All Roads Lead To Rome

Day 82, Saturday November 25, 2017

The Appian Way was Europe’s first super highway. It is the reason for the saying “All roads lead to Rome.” Built in 312 B.C., it connected Rome with Capua (near Naples), running in a straight line for much of the way. Eventually it stretched over 600 kilometres to Brindisi, on the east coast of Italy. Today is Bob’s birthday and we are going to walk the Appian Way.

We take the metro and then a bus to the outskirts of Rome. Before we start our walk back into Rome we walk a bit further in the opposite direction to visit the Villa Dei Quintili. We buy our €5.00 tickets and when we walk up to the building below it is all locked up and under construction!

Turns out this isn’t the villa, and we need to walk along a dirt path behind this building for a ways to the ruins. The Villa Dei Quintili was the largest villa complex in the suburbs outside Rome. It was built by two brothers, who were later executed by Emperor Commodus who took over possession of their villa. It was then expanded and used by emperors until the 5th century. There are boardwalks in many areas but sometimes we are walking on the original mosaics floors! Hard to believe that this is allowed. There are baths here with a calidarium (hot water) and a frigidarium (cold water). Many of the rooms have remains of mosaics and floor tiles. A few even have traces of frescoes on the walls. 

This all covers a huge area and it was all one villa. When it was first excavated it was thought to have been a town!Back on the Appian Way we are ready to start our walk towards Rome, on the same road that was used by Romans almost 2,000 years ago! We are going to walk in the footsteps Roman Emperors, merchants, saints and maybe even St.Peter! Julius Caesar travelled this road along with thousands of soldiers, and now we are too.
Romans did not allow anyone to be buried inside the city walls so many people were buried along the roads leading out of Rome. Wealthy people built impressive tombs for themselves. The remains of many of these tombs are visible today.  Sometimes there is as little as a mound of earth but there are also still quite impressive remains of the larger tombs.These are the original stones that were used to build this road. These stones were set upon a bed of gravel and cement. Lime cement was then used to fill the gaps between the stones and the road was said to have been so smooth that the joints between the rocks could not be felt. In the foreground the ruts made by ancient chariot and wagon wheels can be seen.One of the many ‘reconstructed’ tombs along the Appian Way…and a couple more.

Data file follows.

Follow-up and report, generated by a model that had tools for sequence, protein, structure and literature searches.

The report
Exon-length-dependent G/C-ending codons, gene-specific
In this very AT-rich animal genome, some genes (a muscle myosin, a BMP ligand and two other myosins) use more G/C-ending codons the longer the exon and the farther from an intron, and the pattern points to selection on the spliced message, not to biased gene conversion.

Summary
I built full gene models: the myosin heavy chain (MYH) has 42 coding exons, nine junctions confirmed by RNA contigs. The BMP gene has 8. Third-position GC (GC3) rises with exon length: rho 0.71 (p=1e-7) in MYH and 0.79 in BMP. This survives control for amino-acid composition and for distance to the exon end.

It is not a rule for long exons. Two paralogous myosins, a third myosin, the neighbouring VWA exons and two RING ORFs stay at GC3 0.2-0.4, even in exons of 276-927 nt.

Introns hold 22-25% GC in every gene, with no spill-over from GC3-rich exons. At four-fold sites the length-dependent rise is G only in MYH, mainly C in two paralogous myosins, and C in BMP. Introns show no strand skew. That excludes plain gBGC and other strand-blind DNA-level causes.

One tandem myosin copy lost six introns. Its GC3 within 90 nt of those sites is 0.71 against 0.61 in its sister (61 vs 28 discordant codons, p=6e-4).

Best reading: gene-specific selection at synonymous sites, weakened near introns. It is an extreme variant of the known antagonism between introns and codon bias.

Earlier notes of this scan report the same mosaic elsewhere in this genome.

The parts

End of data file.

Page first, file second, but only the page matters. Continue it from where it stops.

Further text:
The day started out cloudy and cold but the sun came out and warmed us up.There are many grand modern villas along the Appian Way. This is looking down just one of the many long tree-lined driveways we see along our walk.Getting closer to Rome. It is a bit tiring walking on these original paving stones. The cement that made the road smooth has long worn away. We saw lots of people bicycling along here and it looked bone jarring.                                 

This is a small archeaological area along the road that used to be a farmer’s field. Some of the floor mosaics show where they were damaged by the plows used to till the fields!Fall has arrived. The leaves here were a beautiful golden yellow.Inside the Tomb of Cecilia Metella, one of the best preserved tombs along the Appian way, there is an exhibit of modern sculpture by Paola Cream. I like this bird man…and these vessels. The exhibit sign said the show only runs until November 11th, but this is Rome and not everything is what it says it is.

This is the outside of the Tomb of Cecilia, who was noble woman in the 1st century B.C. Inside the hollow round tower is where her body is thought to have been buried.

That was our last stop of the day. The ruins are closed at 4:00 and we still have a a walk and then a bus and metro ride to get home. we ran out of time to visit the catacombs so we will have to return another day.

The Colosseum, Rome

Day 77, Monday November 20, 2017

Rome’s greatest amphitheater was commissioned in 72 AD by Emperor Vespasian, and we are visitng it today. There are a lot of people outside the Colosseum trying to sell us tickets, tours and trinkets. Our ticket from the Forum yesterday also gives us ‘skip the line’ entrance today. No waiting in long lines to buy tickets!It is a pretty spectacular place. The floor of the arena is gone so we can see the rooms beneath the arena that were used to hold the wild animals, prisoners, props and gladiators.